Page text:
Examining two methods of Full Costing

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The concept of full costing is not to look into individual costs, for example variable costs, but to look at the whole picture and all the costs that are associated with achieving some objective, i.e. making a product, or providing a service. The logic of full costing is that all of the costs of running a particular facility, for example a building, are part of the cost of the output of that building. For example, the rent is a fixed cost that will not alter if we only produce one unit, but if the building were not rented then there would be nowhere for production to take place, therefore rent is an important element in the cost of each unit of output.

'Full costing: Deducing the total direct and indirect (overhead) cost of pursuing some activity or objective'

Now we have a reasonable understanding of what full costing entails, we can look at some of the many methods of it. The two most renowned methods of full costing are Activity Based Costing, otherwise known as ABC, and Absorption Costing. Both of these methods are practiced in business today, as ways of allocating overheads to associated units of production. Absorption Costing is looked upon as being the more traditional approach, which has been updated with ABC. Both of these methods of full costing have their benefits and drawbacks, which I will look into over the course of this essay. But in order to fully understand each method, we need to first define what each one means. Absorption Costing can be defined as,

'The allocation of specific pools or groups of fixed costs to associated units of production by a predetermined percentage or pound amount, based on unit cost, machine or labour hours, or other factors'.  (http://www.bridgefieldgroup.com/glos1.htm)

Like any other factor, Absorption Costing has its advantages and disadvantages, for example, as mentioned above, it

uses predetermined overhead rates to allocate fixed overheads to production.  In the long-run, for a business to make any profits, sales must cover all the product's costs.  By including fixed overheads in the product's costs, the long-run sales price can be set to cover all costs, including fixed overheads. As we can see this is one of the major advantages in Absorption Costing, as it really stresses the importance of fixed costs. Also by allocating costs to the production units, Absorption Costing works out the entire production cost for a product. Absorption Costing is thought to be more appropriate for seasonal business, as it prevents the reporting of false or inaccurate losses.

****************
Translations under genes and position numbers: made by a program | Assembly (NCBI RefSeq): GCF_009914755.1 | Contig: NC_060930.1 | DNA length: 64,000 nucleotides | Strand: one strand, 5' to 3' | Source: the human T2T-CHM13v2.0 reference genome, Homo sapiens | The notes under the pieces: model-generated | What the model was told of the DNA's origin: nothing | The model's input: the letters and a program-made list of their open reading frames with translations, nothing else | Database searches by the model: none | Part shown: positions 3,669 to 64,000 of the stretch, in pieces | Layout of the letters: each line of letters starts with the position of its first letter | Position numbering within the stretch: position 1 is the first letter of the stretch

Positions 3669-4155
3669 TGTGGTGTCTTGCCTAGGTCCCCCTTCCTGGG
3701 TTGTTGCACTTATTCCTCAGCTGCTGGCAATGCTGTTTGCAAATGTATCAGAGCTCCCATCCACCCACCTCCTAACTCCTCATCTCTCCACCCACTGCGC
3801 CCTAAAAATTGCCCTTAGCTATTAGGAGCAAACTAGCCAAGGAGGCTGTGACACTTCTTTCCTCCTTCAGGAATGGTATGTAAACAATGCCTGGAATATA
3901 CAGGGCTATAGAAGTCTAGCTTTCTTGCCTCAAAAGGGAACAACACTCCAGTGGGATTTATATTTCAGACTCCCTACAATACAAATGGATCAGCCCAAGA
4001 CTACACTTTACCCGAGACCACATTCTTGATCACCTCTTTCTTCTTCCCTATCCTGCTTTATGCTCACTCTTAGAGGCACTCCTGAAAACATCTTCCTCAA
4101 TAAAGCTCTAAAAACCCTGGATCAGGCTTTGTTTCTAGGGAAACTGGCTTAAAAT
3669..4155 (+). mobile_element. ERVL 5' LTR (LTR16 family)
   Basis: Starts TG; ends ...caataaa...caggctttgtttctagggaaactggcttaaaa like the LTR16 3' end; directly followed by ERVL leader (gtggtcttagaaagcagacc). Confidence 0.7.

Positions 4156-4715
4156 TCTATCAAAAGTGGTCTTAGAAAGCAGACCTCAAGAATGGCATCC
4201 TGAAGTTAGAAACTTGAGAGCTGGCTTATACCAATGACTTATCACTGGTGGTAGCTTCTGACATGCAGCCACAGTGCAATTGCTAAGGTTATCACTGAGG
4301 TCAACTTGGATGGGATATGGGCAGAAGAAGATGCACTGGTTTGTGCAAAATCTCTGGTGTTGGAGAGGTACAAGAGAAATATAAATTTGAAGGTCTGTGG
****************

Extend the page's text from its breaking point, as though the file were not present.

Although Absorption Costing is a recognised way for allocating costs to production, and is used by many industries today it does have its drawbacks. The predetermined rates imply to some managers that a fixed overhead is a variable cost.  For example, if the predetermined rate for a fixed overhead is £5 per direct labour hour, it is possible to conclude (wrongly) that fixed overheads vary with changes in direct labour hour usage. Product lines may be dropped based on this assumption even though the products contribute to the overall positive cash flow of the firm. For this reason it is much harder for management to understand and interpret, and therefore can lead to flawed decision making.

Activity Based Costing, the other method of full costing, can be defined as,

'A technique for more accurately relating overheads to specific production or provision of a service. It is based on acceptance of the fact that overheads do not just occur but are caused by activities, such as holding the products in store which 'drive' the costs.' (Accounting: An Introduction, McLaney &Atrill (2002) Page 559)

Activity Based Costing is considered to be a more updated and improved version of Absorption Costing, but like Absorption Costing it also has its drawbacks. Some of the benefits of Activity Based Costing are that it spots those customers, products and departments that are contributing the most and least profit to the organisation. From this information managers can see areas of strength and weakness within the business and thus make decisions regarding how the business is handled and organised. From this information managers can also predict costs, profits and requirements associated with changes in production, structure and costs. ABC additionally tracks the costs of activities and the development of work through the business, highlighting areas of high expenditure. Managers are able to analyse results from ABC and discover the areas that need improvement.

The drawbacks of ABC are also apparent, the whole process involved in ABC, i.e. analysis of overheads and identifying cost drivers is time-consuming and costly. It is argued that the cost and effort put into this process does not outweigh the benefits and so does not justify carrying it out. ABC is also criticised about its ability to provide relevant information for managers to carry out decision-making, as the results show past costs and not opportunity costs.

'Past costs are irrelevant in decision making and opportunity costs can be very significant, full costing information is an expensive irrelevance' (Accounting: An Introduction, McLaney &Atrill (2002) Page 329)

Despite the drawbacks and criticisms of ABC and Absorption Costing, they are widely used in business today as a means of allocating direct and indirect costs to an activity or objective.